Netscape and Microsoft Web servers provide other server-side programming features, such as Java and server-side plug-ins. In general, any server-side programming mechanism has the potential to be exploited.
The performance gain of server-side plug-ins is offset by the difficulty of developing them. Because server-side plug-ins are closely integrated with the server, any errors in the plug-in could easily result in the complete failure of the server.
Web Application Access Controls
Most Web servers provide the capability to control access to certain Web pages and their associated Web applications. These controls may be based on host name, IP address, user name and password, or other identification and authentication mechanisms. Failure to implement restrictions on some applications, such as your server's management software, could lead to serious security holes.
Operating-system file permissions are closely related to Web-Application access controls. These permissions determine which Files users and applications are able to read, write and execute. These controls are important to protecting your Web site. In Particular, write permission to the directories containing CGI Programs and server-configuration files should be limited to the most trusted users. Failure to do so weakens the security of your Web server, opening it up to a broader spectrum of attacks.
If your server stores financial information, such as credit card Data, the permissions of these files should be set to prevent them from being read by other applications. If at all possible, these files should be made write-only.
In the event that your server is penetrated, the privileges of your server become those of the penetrator. Therefore, the login privileges of the Web server itself should be limited to the minimum needed to perform its function.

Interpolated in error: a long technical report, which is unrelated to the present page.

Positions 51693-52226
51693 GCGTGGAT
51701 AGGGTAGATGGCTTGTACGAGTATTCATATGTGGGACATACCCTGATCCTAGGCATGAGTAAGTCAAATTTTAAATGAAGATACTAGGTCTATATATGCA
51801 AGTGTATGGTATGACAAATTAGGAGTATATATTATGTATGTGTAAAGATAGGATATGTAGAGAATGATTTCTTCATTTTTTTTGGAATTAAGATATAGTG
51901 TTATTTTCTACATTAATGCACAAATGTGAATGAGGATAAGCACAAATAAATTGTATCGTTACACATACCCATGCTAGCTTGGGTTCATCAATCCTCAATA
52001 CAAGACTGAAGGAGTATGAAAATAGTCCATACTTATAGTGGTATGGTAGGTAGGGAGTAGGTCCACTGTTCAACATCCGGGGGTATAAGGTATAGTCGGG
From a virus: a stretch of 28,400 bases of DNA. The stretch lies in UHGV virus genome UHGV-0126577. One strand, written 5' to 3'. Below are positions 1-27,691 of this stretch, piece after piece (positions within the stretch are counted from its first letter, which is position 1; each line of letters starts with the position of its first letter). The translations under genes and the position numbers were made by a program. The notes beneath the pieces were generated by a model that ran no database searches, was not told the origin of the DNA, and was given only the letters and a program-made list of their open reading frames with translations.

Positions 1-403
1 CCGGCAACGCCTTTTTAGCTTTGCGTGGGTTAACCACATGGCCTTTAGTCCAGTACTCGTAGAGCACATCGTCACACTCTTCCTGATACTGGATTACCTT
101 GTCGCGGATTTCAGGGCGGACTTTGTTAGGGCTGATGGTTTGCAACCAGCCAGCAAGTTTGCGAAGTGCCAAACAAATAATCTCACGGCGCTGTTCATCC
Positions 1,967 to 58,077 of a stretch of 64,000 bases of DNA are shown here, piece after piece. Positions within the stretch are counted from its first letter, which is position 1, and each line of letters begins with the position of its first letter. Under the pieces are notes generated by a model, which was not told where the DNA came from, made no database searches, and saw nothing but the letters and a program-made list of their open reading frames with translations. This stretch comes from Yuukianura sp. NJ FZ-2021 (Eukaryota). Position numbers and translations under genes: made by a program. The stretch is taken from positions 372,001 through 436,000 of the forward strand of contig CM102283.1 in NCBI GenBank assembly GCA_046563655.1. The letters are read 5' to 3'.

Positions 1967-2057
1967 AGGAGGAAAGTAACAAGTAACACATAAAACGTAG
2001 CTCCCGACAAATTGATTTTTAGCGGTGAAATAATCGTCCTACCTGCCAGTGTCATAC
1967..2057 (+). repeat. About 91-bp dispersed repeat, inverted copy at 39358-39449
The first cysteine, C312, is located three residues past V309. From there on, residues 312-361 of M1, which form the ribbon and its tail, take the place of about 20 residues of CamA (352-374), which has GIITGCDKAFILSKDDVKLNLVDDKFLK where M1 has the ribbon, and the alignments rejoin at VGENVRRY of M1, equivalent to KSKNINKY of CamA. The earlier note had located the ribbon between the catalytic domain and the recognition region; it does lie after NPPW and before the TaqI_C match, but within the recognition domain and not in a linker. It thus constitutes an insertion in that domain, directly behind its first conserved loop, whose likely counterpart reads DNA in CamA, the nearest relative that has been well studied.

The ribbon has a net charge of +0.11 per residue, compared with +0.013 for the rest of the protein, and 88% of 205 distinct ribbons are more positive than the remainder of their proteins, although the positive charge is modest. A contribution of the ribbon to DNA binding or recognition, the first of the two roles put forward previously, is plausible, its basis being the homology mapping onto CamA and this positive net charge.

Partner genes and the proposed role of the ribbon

Other Server-Side Security Considerations
In addition to the vulnerability mentioned in the previous articles, Web servers are vulnerable to a wide range of attacks aimed at their application services and communication protocols. If a Web server supports other Internet services, such as telnet or FTP, then the server inherits all of the vulnerabilities of these services. The good news is that you can eliminate these vulnerabilities by turning off the additional services.
If a Web server is on the Internet, then it, by definition, must support the Transmission Control Protocol/Internet Protocol (TCP/IP). TCP/IP is notorious for its security vulnerabilities. These vulnerabilities include susceptibility to spoofing, session hijacking, and session monitoring. While these vulnerabilities are common to all systems that are on the Internet, they need to be considered when assessing the risk of setting up a Web server. If the perceived risk is too high, then you may want to implement a firewall or another network security countermeasure.
As a final consideration, the operating system platform on which the Web server runs is also a potential source of security vulnerabilities. In general, multi-user operating systems, such as UNIX, pose a higher risk than single-user systems, such as the Macintosh and Windows 98. The security of most multi-user systems depends on the reliability and trustworthiness of all system users. If a single user is careless or untrustworthy, then the security of the entire system could be jeopardized. Most multi-user operating systems provide security controls, such as file permissions, that prevent a user from viewing or modifying the files of others. However, to be effective, these controls must be correctly applied.
Although Web servers exist for the Macintosh, Windows 98, and Windows 95 platforms, most midlevel-to-high-end servers run on Windows NT and UNIX platforms. This is because Windows NT and Unix provide a fuller set of operating system services for implementing more complex and capable server software.
Both Windows NT and Unix' have advantages and disadvantages as far as security goes. The main advantage of Windows NT is that it does not support (without additional software purchases) many of the services, such as Telnet, Internet mail and the X Windows System, that are provided out of the box with UNIX systems. These services may be used by a penetrator to gain remote access to a UNIX system. The primary advantage of UNIX is its maturity. It has been subjected to hacking for many years, including years before Windows NT was conceived. As a result, most of the UNIX security bugs have been identified and countermeasures have been implemented. Under a security-conscious system administrator, a UNIX Web site can be made as secure as it would be using other operating-System platforms
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